Kids Can Prep for Total Solar Eclipse with 'Space Racers' Website

The coast-to-coast total solar eclipse on Aug. 21 will be memorable for children and adults alike. So the preschool show "Space Racers" launched a new website called to get kids interested in the big event.

The website offers advice for kids (ages 2-11) on how to watch the eclipse safely, an educational video with the Space Racers characters, a hands-on eclipse activity and an "eclipse viewing kit" that's available for purchase. The aim is to help kids understand the science behind the total eclipse.

"Space Racers" is an original half-hour animated show for preschoolers that follows a group of anthropomorphic space planes as they make their way through the Stardust Space Academy. Their training takes them on adventures throughout Earth's solar system. [Don't Let an Old Myth Prevent Your Child from Seeing the Solar Eclipse]

The show has featured plotlines that introduce youngsters to a curriculum focused on STEM (science, technology, engineering and math).

The "Space Racers" team has brought on multiple partners and two eclipse "ambassadors" for the initiative. Those partners include the U.S. Space & Rocket Center, the Oregon Museum of Science and Industry, Readiness Learning Associates, the SPARK Academy for STEM Education, and Arlington Public Schools of Virginia.

Emily Calandrelli, an Emmy-nominated science TV host and Twitter personality @thespacegal, will be one of the ambassadors. She will also publish a new children's STEM book series called "Ada Lace" (Simon & Schuster, Aug. 29, 2017)

Another ambassador will be David Baron, author of "American Eclipse" (Liveright, 2017), which talks about the 1878 solar eclipse and how it helped the United States rise as a world power. Baron is a former science correspondent for NPR and a former science editor for PRI's "The World," and he has watched five total solar eclipses.

"Through our dedicated partners and ambassadors, 'Space Racers' aims to be the authority for teaching our youngest learners all about the eclipse and to introduce them to one of science's most important tools — observation," said Matthias Schmitt, chief marketing officer of "Space Racers," in a statement.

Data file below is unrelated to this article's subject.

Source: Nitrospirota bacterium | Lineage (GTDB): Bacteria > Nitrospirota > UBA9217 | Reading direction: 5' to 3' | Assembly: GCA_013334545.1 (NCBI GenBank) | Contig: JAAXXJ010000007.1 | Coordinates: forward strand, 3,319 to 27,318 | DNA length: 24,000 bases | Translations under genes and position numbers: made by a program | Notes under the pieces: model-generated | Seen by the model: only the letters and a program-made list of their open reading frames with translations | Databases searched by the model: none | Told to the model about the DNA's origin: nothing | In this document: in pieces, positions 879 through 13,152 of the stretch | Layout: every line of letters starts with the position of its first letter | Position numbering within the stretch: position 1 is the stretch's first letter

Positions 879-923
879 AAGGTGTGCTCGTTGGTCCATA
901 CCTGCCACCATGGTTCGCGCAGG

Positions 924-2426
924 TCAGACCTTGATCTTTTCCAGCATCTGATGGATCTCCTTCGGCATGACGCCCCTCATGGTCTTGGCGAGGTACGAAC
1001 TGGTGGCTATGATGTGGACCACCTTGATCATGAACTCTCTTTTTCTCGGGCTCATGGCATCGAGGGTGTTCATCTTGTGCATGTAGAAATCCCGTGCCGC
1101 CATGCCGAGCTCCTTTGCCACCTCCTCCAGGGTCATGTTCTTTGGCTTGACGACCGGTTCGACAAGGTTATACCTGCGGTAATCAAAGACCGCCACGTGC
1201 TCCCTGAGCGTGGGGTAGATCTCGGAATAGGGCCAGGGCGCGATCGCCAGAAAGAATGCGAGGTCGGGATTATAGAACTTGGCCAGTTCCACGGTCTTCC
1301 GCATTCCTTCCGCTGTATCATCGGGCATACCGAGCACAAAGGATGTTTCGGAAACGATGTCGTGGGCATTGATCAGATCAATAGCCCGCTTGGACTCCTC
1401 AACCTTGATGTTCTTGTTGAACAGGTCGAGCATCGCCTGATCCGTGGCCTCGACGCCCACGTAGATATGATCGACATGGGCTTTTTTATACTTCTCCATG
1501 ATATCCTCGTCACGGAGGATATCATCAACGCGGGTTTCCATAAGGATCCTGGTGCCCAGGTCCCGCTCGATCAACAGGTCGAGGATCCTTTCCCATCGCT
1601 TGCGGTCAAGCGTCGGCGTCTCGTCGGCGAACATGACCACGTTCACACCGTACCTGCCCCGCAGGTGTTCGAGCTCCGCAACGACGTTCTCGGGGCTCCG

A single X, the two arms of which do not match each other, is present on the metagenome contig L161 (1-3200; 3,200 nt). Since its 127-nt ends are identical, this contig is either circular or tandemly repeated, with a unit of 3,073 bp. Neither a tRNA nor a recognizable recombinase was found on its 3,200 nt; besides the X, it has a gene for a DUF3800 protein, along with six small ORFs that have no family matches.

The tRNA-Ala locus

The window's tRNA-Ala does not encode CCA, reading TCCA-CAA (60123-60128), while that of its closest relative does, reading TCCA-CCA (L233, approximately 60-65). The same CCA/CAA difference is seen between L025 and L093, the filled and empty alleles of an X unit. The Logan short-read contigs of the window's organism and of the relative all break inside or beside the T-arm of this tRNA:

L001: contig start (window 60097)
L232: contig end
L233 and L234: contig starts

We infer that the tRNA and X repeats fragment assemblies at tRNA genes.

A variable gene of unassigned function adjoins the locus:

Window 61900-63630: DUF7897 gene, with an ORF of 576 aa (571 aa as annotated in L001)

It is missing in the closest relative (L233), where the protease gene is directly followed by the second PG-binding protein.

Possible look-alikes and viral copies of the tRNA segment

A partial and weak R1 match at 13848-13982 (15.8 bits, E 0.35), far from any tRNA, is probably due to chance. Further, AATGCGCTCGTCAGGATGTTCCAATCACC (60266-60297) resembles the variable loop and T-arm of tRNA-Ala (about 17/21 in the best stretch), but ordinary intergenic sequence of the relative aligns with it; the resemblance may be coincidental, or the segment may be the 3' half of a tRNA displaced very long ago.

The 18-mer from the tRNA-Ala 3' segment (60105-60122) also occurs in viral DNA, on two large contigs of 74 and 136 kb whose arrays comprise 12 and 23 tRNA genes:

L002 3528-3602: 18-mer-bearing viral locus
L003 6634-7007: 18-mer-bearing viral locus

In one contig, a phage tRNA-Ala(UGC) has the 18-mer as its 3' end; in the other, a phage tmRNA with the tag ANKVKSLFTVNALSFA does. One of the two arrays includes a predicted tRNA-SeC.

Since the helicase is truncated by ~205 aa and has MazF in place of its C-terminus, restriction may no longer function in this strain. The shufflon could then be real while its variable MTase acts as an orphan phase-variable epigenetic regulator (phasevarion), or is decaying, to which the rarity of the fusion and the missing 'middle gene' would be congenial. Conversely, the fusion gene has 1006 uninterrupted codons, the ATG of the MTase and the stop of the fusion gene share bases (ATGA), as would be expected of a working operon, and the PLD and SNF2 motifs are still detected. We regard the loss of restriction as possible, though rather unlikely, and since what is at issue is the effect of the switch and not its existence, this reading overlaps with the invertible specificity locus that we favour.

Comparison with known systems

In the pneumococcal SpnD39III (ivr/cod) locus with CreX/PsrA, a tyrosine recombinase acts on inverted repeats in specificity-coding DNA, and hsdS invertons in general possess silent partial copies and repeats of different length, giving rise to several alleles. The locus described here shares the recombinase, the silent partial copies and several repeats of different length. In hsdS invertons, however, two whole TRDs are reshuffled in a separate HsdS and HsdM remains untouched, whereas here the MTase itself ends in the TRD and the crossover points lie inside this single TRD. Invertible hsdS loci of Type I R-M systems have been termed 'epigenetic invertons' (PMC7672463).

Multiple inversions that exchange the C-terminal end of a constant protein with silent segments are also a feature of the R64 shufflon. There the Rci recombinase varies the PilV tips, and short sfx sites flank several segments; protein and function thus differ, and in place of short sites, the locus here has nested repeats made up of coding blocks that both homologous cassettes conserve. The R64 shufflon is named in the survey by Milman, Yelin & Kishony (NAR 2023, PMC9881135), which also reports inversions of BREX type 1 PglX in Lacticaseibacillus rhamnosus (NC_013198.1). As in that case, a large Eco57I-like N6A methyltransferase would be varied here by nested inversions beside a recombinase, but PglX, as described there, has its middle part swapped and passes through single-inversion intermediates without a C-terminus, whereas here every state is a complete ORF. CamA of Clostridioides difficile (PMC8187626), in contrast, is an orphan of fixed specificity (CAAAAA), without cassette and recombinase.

"'Space Racers' does a tremendous job of reaching kids with stories of planetary science," said Joseph Vick, manager of museum education at the U.S. Space & Rocket Center (one of the partner institutions), in the statement. "I can't imagine a better resource for teachers, parents or camps trying to better understand how to explain these wonders to kids."

You can view the website at and get more information on Twitter (@AugustEclipse) or on Facebook (

Editor's note: has teamed up with Simulation Curriculum to offer this awesome Eclipse Safari app to help you enjoy your eclipse experience. The free app is available for Apple and Android, and you can view it on the web

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Elizabeth Howell
Staff Writer, Spaceflight

Elizabeth Howell (she/her), Ph.D., is a staff writer in the spaceflight channel since 2022 covering diversity, education and gaming as well. She was contributing writer for for 10 years before joining full-time. Elizabeth's reporting includes multiple exclusives with the White House and Office of the Vice-President of the United States, an exclusive conversation with aspiring space tourist (and NSYNC bassist) Lance Bass, speaking several times with the International Space Station, witnessing five human spaceflight launches on two continents, flying parabolic, working inside a spacesuit, and participating in a simulated Mars mission. Her latest book, "Why Am I Taller?", is co-written with astronaut Dave Williams. Elizabeth holds a Ph.D. and M.Sc. in Space Studies from the University of North Dakota, a Bachelor of Journalism from Canada's Carleton University and a Bachelor of History from Canada's Athabasca University. Elizabeth is also a post-secondary instructor in communications and science at several institutions since 2015; her experience includes developing and teaching an astronomy course at Canada's Algonquin College (with Indigenous content as well) to more than 1,000 students since 2020. Elizabeth first got interested in space after watching the movie Apollo 13 in 1996, and still wants to be an astronaut someday. Mastodon: